As a representative thesis concerning a basic logical unit of the Structured ASIC, for example, there is “Regular logic fabrics for a via patterned gate array (VPGA), CMU K. Y. Tong, IBM R. Puri, IEEE 2003 Custom integrated circuits conference”. In this thesis, a basic unit is constituted by using a three-input lookup table, a scan flip-flop, two three-input NAND circuits, and seven buffers. When a layout using the contents of this basic unit and a layout by the standard cell system are compared, although an area in the former layout is larger than the latter layout by 40% to 68%, delays are substantially the same. In the U.S. Pat. No. 6,236,229, a logic cell in which a NAND circuit is connected to an input of a lookup table is proposed.

In order to realize reuse of design resources, it is a general practice to organize design data of functional blocks into a library as IPs (Intellectual Properties). Examples of means for connecting IP cores in a chip include an AXI bus proposed by ARM Limited in the United States and an OCP (Open Core Protocol) that is an on-chip bus protocol. In these buses, it is possible to feed different data flows and hang plural masters from an identical bus. Consequently, a mechanism for connecting a group of IP cores, which perform plural functions, to an identical bus and efficiently using the IP cores is proposed.

SUMMARY OF THE INVENTION

However, in the semiconductor integrated circuit in recent years, since refining of a machining dimension and an increase in a circuit size have been advanced, a fall in yield due to defects is becoming serious. It is possible to realize efficiency of a manufacturing process and a reduction in a design period through the introduction of the Structured ASIC and the efficient use of the IP cores. Nevertheless, these is no means for solving the fall in yield due to the refining of a machining dimension.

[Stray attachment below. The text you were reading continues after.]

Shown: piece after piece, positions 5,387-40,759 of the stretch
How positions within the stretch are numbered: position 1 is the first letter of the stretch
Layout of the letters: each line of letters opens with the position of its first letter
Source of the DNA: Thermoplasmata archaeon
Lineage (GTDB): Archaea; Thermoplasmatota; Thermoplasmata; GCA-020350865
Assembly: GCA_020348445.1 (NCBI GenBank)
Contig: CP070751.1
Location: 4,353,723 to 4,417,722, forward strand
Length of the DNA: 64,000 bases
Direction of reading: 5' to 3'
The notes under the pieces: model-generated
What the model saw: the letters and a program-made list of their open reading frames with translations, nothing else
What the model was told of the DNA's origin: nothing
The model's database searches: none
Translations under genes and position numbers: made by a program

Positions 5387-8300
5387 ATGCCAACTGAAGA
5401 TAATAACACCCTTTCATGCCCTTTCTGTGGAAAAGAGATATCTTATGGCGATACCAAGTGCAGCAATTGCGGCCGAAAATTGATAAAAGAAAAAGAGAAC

Thus, it is desirable to provide a circuit device that realizes improvement of the fall in yield due to defects.

According to an embodiment of the invention, a circuit device includes plural semiconductor circuit devices that are formed on independent substrates, respectively, and communicate with each other. Each of the semiconductor circuit devices includes: plural modules of an identical type, functions of which are substitutable for one another; a module selecting unit that selects, among the plural modules, usable modules that are a part of the plural modules; and a circuit block including an interface unit for the modules selected by the module selecting unit to exchange signals with the other semiconductor circuit devices. A logic module included in one of the semiconductor circuit devices belongs to a different type, a function of which is not substitutable for a function of a logic module included in at least one of the other semiconductor circuit devices.